A group of researchers from the University of Adelaide found that up to four endangered shark species were used in the nets, including the shortfin mako shark and the smooth hammerhead shark.
The team set out to find out what type of fish was being sold as flakes – a term used to describe fillets of shark meat.
They analyzed the DNA of fillets sold at more than 100 fish and chip retailers in Adelaide and parts of South Australia and published their results in a journal called Food Control.
University of Adelaide School of Biological Sciences researcher Ashleigh Sharrad said only 27% of the samples were gummy sharks.
“The gummy shark is a species that has a sustainable population and is one of only two species recommended for flake tagging in Australia,” Ms Sharrad said.
A total of nine different species types were found in the nets, some of which are not found in Australian waters.
The research found that only one in 10 retailers correctly identified the type of fish being sold, while 20% were completely mislabeled.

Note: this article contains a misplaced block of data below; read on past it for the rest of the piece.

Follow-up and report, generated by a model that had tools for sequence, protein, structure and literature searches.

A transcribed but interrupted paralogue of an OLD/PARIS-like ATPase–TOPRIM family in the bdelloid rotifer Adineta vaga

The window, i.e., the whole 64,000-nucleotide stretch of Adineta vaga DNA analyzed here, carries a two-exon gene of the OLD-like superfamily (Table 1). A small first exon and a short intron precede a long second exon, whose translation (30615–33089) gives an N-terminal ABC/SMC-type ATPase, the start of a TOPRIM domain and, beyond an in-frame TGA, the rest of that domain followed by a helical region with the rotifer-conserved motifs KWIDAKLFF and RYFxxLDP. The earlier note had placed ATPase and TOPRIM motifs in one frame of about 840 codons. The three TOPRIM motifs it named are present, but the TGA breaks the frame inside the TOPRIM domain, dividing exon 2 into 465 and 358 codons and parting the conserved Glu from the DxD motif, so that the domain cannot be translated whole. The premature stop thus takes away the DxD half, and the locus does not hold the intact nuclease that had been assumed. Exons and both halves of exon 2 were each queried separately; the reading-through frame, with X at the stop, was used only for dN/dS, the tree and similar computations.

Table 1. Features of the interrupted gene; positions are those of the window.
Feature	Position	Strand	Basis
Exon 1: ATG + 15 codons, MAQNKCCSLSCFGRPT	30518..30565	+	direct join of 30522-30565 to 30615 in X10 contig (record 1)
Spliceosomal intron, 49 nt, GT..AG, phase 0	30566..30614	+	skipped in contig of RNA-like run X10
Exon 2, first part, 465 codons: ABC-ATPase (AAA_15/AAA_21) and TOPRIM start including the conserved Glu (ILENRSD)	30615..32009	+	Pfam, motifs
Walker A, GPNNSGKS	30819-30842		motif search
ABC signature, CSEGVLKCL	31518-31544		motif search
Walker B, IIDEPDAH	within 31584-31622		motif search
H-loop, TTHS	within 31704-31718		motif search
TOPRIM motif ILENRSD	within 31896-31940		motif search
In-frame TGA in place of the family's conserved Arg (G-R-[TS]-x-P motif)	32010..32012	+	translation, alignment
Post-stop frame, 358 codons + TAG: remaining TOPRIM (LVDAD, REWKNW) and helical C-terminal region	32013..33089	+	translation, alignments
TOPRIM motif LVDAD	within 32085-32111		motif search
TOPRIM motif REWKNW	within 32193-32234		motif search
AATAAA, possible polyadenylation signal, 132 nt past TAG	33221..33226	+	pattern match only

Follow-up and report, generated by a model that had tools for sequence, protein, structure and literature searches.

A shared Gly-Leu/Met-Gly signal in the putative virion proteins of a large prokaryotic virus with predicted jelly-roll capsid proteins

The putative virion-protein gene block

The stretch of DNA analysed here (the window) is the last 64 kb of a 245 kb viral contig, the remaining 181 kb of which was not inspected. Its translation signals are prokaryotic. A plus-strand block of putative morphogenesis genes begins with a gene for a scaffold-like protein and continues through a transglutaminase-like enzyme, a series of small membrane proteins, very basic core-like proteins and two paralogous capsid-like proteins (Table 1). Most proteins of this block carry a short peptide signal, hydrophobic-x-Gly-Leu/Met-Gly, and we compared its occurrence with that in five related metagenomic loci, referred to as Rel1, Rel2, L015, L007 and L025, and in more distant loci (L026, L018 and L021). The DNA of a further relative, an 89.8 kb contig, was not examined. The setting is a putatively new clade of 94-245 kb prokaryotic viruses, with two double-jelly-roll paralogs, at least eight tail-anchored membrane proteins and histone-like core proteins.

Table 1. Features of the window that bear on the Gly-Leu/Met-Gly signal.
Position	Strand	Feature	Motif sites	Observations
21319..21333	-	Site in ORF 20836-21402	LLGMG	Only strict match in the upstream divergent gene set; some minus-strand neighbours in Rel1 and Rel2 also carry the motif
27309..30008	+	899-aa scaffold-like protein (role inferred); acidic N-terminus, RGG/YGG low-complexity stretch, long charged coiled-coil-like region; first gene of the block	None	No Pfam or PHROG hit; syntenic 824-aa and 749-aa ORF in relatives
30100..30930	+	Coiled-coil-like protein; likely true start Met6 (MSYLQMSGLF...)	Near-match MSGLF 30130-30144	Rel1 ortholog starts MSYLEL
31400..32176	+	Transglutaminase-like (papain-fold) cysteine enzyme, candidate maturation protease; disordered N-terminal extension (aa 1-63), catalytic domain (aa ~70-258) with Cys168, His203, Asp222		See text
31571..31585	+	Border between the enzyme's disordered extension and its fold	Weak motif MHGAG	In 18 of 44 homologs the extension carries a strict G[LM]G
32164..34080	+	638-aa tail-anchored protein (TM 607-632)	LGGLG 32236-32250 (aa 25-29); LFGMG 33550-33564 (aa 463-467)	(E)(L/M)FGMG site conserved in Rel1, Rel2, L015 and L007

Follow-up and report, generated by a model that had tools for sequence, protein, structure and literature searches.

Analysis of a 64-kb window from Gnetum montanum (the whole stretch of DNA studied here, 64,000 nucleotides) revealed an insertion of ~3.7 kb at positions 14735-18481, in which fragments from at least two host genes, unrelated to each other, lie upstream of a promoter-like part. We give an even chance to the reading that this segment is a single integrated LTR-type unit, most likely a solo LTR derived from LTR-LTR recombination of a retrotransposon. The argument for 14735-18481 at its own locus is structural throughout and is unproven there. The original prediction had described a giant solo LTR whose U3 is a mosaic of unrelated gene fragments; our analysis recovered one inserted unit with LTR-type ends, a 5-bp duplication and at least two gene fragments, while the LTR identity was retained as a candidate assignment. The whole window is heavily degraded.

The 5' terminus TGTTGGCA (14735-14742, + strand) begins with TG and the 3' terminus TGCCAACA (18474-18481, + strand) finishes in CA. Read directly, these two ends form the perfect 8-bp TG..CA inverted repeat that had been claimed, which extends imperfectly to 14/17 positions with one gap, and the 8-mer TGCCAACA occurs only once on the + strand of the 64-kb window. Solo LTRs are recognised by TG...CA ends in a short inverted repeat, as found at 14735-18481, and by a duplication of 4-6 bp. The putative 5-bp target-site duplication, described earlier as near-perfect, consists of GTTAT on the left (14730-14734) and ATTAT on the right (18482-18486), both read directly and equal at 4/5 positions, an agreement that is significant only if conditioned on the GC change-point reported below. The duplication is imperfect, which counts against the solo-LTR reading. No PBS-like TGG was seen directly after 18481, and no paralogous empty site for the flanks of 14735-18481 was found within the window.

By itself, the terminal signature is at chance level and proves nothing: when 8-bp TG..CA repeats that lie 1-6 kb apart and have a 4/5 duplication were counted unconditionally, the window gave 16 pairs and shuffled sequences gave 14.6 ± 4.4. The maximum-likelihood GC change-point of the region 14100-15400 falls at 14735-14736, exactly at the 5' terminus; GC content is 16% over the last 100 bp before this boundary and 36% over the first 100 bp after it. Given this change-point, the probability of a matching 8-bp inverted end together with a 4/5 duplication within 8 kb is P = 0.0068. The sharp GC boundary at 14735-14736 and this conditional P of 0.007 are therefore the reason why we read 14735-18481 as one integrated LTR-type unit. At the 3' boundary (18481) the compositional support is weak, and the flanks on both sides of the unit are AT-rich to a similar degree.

The remaining 70% had ambiguous labeling, the study found.
Professor Bronwyn Gillanders said “food fraud” in the seafood industry is a growing concern.
“This may have potential implications for human health, economics and species conservation,” Professor Gillanders said.
Ms Sharrad said smaller retailers could not be accused of mislabeling the flake fillets because they would not know what was in them when buying bulk, processed or frozen products.
The Australian Fish Names Standard recommends that the term flake be used only to describe the gummy shark and New Zealand rig, but the guideline is not mandatory.
“Our findings underscore the need for clearer national guidelines or labeling laws for shark fillets,” Sharrad said.
“It’s key to building trust throughout the supply chain, driving demand for local and sustainable catches and, most importantly, empowering consumers and retailers to make informed choices.”